When now the body with the coffin was put on the cart, the cart began to move toward Dortmund without horses or help of men, and stopped not till it reached the place where the church of St. Rinaldo now stands. The Bishop and his clergy followed the holy man to do him honor, with singing of hymns, for a space of three miles. And St. Rinaldo has ever since been the patron of that place, and many wonderful works has God done through him, as may be seen in the legends.
When Charlemagne grew old he felt the burden of government become heavier year by year, till at last he called together his high barons and peers to propose to abdicate the empire and the throne of France in favor of his sons, Charlot and Lewis.
The Emperor was unreasonably partial to his eldest son; he would have been glad to have had the barons and peers demand Charlot for their only sovereign; but that prince was so infamous, for his falsehood and cruelty, that the council strenuously opposed the Emperor’s proposal of abdicating, and implored him to continue to hold a sceptre which he wielded with so much glory.
Amaury of Hauteville, cousin of Ganelon, and now head of the wicked branch of the house of Maganza, was the secret partisan of Charlot, whom he resembled in his loose morals and bad dispositions. Amaury nourished the most bitter resentment against the house of Guienne, of which the former Duke, Sevinus, had often rebuked his misdeeds. He took advantage of this occasion to do an injury to the two young children whom the Duke Sevinus had left under the charge of the Duchess Alice, their mother; and at the same time, to advance his interest with Charlot by increasing his wealth and power. With this view he suggested to the prince a new idea.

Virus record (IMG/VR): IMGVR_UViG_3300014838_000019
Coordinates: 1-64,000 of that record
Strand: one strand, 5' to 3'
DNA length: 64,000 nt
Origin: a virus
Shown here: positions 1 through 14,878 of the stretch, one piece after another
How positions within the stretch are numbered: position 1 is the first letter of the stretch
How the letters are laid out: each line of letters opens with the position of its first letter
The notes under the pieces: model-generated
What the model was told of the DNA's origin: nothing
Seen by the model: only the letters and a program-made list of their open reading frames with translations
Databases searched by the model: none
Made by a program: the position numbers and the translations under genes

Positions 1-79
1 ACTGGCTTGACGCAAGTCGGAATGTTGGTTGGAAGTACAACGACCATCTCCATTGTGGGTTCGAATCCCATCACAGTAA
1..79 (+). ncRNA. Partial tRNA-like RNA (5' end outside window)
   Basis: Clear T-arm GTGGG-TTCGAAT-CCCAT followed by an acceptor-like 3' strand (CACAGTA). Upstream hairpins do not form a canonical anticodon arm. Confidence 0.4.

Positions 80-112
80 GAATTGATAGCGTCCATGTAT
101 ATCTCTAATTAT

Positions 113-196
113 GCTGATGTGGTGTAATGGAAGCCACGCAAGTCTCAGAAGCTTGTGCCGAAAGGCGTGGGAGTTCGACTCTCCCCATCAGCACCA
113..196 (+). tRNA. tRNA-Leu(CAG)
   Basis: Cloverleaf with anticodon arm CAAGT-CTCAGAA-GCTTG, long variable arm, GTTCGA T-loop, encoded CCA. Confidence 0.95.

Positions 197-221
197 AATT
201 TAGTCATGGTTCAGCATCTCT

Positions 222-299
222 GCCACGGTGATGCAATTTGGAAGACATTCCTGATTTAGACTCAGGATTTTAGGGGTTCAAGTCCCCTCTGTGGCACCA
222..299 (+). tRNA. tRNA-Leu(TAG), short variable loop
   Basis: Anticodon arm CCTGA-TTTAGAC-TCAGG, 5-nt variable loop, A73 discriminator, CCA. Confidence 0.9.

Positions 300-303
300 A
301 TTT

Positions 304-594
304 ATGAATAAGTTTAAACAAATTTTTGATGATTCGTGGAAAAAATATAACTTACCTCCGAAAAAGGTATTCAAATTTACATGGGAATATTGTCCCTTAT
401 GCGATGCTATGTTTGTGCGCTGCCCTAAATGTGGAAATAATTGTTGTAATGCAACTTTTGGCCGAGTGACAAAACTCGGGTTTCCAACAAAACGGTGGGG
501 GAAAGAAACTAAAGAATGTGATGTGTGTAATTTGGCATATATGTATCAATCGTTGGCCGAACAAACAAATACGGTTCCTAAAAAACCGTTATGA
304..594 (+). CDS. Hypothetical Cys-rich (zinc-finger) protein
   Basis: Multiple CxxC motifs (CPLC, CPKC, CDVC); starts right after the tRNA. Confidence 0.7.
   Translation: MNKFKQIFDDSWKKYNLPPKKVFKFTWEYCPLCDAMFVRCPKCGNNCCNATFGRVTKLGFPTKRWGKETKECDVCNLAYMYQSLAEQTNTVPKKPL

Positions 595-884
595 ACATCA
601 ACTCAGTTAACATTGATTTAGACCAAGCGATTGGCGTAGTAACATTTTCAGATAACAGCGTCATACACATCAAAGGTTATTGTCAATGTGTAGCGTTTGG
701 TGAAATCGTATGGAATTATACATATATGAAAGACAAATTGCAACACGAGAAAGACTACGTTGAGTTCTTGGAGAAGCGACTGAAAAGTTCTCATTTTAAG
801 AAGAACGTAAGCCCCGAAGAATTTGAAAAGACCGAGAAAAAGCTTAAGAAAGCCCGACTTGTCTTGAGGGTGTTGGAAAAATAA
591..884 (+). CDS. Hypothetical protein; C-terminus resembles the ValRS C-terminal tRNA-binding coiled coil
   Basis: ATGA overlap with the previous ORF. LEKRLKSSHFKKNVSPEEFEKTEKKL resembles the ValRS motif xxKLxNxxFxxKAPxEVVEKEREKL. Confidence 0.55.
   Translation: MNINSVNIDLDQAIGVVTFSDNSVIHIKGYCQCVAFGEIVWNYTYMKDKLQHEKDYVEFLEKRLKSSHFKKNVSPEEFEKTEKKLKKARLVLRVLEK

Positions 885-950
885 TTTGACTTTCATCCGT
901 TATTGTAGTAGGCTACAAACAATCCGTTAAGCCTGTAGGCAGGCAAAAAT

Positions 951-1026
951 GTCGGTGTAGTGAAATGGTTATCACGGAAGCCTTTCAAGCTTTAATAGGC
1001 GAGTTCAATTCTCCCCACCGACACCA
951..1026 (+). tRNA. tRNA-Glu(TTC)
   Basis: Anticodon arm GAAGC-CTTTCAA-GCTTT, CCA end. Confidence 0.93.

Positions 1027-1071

He pretended to agree with the opinion of the barons; he said that it would be best to try Charlot’s capacity for government by giving him some rich provinces before placing him upon the throne; and that the Emperor, without depriving himself of any part of his realm, might give Charlot the investiture of Guienne. For although seven years had passed since the death of Sevinus, the young Duke, his son, had not yet repaired to the court of Charlemagne to render the homage due to his lawful sovereign.
We have often had occasion to admire the justice and wisdom of the advice which on all occasions the Duke Namo of Bavaria gave to Charlemagne, and he now discountenanced, with indignation, the selfish advice of Amaury. He represented to the Emperor the early age of the children of Sevinus, and the useful and glorious services of their late father, and proposed to Charlemagne to send two knights to the Duchess at Bordeaux, to summon her two sons to the court of the Emperor, to pay their respects and render homage.
Charlemagne approved this advice, and sent two chevaliers to demand the two young princes of their mother. No sooner had the Duchess learned the approach of the two knights, than she sent distinguished persons to receive them; and as soon as they entered the palace she presented herself before them, with her elder and younger sons, Huon and Girard.